Andrew J. Viterbi

Andrew J. Viterbi
Andrew J. Viterbi
  • From:

    University of Southern California | Los Angeles, California

  • Year:


  • Subject:

    Electrical Engineering

  • Award:

    Benjamin Franklin Medal

  • Citation:

    For developing an efficient technique, known as the Viterbi Algorithm, that has advanced the design and implementation of modern space and wireless communication systems, including cellular telephony and digital image transmission from the distant reaches of our solar system. In addition, Dr.Viterbi played a leading role in the development of Code Division Multiple Access (CDMA) wireless technology, which allows multiple cellular phones to communicate effectively and simultaneously over a common frequency.

Andrew Viterbi is hailed by his colleagues as a digital genius because his bold ideas and inventive spirit forever changed how people communicate. Dr.Viterbi received his B.S. and M.S. from MIT in 1957 and Ph.D. from the University of Southern California in 1962. He began his career at California Institute of Technology's Jet Propulsion Laboratory. In 1968, he co-founded LINKABIT Corporation and, in 1985, QUALCOMM, Inc., now a leader in digital wireless communications and products based on CDMA technologies. He served as a professor at UCLA and UC San Diego, where he is now a professor emeritus. Dr.Viterbi is currently president of the Viterbi Group, LLC, which advises and invests in startup companies in communication, network, and imaging technologies. He also recently accepted a position teaching at USC's newly named Andrew and Erna Viterbi School of Engineering.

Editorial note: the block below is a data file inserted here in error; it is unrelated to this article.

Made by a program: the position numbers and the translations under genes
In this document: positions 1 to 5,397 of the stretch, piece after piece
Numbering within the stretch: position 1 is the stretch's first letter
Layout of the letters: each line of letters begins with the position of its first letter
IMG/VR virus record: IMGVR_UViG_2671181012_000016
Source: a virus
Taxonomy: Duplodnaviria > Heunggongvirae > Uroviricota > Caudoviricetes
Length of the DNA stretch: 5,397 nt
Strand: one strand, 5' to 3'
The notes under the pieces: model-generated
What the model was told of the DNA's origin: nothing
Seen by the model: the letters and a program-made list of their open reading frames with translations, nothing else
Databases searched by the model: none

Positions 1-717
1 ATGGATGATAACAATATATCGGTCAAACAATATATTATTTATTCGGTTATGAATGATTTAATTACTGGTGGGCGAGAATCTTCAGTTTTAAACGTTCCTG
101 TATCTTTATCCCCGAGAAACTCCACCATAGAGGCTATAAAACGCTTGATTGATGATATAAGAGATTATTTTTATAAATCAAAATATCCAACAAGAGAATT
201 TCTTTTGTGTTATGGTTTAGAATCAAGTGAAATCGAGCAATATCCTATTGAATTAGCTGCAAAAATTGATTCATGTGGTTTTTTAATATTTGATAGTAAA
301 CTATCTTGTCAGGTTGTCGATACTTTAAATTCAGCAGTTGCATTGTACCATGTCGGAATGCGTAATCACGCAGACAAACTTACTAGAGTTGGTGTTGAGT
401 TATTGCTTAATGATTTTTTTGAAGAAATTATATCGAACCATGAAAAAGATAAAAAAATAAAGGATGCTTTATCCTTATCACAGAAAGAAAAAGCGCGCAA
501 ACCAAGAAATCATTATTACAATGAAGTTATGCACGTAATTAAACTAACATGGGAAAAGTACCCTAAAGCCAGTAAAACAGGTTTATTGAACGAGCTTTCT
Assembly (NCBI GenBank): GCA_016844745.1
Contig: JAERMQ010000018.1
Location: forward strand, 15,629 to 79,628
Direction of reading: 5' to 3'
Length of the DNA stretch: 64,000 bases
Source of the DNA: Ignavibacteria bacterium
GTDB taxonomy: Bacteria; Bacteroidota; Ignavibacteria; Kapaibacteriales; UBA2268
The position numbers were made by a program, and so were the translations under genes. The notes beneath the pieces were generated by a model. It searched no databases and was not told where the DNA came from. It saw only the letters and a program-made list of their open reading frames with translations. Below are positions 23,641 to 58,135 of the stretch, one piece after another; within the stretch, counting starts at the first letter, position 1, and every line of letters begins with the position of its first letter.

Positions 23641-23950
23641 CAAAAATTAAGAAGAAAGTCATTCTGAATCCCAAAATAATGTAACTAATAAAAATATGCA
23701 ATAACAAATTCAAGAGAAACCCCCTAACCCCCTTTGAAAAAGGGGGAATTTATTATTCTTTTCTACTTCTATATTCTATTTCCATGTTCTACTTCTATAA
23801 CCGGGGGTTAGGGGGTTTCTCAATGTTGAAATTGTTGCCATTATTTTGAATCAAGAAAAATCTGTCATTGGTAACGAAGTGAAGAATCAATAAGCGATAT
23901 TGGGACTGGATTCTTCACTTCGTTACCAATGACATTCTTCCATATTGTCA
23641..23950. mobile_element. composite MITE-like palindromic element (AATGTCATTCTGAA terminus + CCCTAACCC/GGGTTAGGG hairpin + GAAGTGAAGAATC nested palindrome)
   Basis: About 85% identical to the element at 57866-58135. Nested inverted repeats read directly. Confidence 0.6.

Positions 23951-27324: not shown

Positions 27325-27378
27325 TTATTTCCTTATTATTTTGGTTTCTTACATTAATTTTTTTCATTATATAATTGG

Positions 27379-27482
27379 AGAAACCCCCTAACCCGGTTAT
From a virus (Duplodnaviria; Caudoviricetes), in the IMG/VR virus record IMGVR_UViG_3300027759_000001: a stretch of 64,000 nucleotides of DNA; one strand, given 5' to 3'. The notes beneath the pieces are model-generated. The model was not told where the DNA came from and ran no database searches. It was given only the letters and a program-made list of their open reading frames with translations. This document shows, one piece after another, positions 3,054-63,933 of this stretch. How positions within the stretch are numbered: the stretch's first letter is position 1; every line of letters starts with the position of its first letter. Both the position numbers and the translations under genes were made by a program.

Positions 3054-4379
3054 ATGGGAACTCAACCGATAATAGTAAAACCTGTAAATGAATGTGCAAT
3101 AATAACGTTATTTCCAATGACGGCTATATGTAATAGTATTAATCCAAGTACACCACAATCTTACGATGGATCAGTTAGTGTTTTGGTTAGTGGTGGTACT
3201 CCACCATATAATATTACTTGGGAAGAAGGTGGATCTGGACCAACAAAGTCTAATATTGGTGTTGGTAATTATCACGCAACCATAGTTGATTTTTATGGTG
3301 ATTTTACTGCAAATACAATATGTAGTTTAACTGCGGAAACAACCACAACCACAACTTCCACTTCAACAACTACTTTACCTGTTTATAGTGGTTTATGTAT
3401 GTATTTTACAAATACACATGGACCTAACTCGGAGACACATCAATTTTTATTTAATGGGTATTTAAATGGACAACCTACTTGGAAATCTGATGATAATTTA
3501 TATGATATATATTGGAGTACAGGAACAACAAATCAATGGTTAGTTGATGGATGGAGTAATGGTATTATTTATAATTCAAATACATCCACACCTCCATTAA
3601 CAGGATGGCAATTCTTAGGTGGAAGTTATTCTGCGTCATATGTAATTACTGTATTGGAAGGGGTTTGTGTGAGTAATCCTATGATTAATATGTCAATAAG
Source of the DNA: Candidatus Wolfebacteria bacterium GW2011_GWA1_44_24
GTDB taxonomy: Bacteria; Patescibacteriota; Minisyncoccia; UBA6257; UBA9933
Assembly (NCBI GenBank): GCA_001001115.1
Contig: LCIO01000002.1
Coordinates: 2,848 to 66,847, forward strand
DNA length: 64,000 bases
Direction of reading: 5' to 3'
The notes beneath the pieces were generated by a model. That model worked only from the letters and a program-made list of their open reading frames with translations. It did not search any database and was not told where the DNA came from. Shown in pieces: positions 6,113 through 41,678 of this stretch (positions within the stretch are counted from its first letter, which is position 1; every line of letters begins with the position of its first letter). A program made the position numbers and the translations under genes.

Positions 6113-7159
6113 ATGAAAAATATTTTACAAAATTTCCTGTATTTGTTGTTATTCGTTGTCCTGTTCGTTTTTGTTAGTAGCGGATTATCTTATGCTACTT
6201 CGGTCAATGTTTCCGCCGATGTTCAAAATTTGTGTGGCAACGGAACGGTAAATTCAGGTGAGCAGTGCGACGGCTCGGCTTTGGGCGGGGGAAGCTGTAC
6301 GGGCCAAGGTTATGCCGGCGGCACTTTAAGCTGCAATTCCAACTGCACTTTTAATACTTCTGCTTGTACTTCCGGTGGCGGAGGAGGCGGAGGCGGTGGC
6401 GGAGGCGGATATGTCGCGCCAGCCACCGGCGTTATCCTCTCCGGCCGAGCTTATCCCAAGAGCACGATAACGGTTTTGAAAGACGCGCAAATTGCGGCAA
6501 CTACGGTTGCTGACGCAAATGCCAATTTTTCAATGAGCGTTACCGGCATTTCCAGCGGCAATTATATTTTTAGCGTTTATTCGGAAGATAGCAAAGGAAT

Honored in many countries for his contributions to communications theory and its industrial applications, he is a fellow of the Institute of Electrical and Electronics Engineers (IEEE), from which he received an Alexander Graham Bell Medal. He is a Marconi Fellow and a member of the U.S. National Academy of Engineering, the U.S. National Academy of Sciences, and the American Academy of Arts and Sciences. He also served as a member of President Clinton's Information Technology Advisory Committee.

Information as of April 2005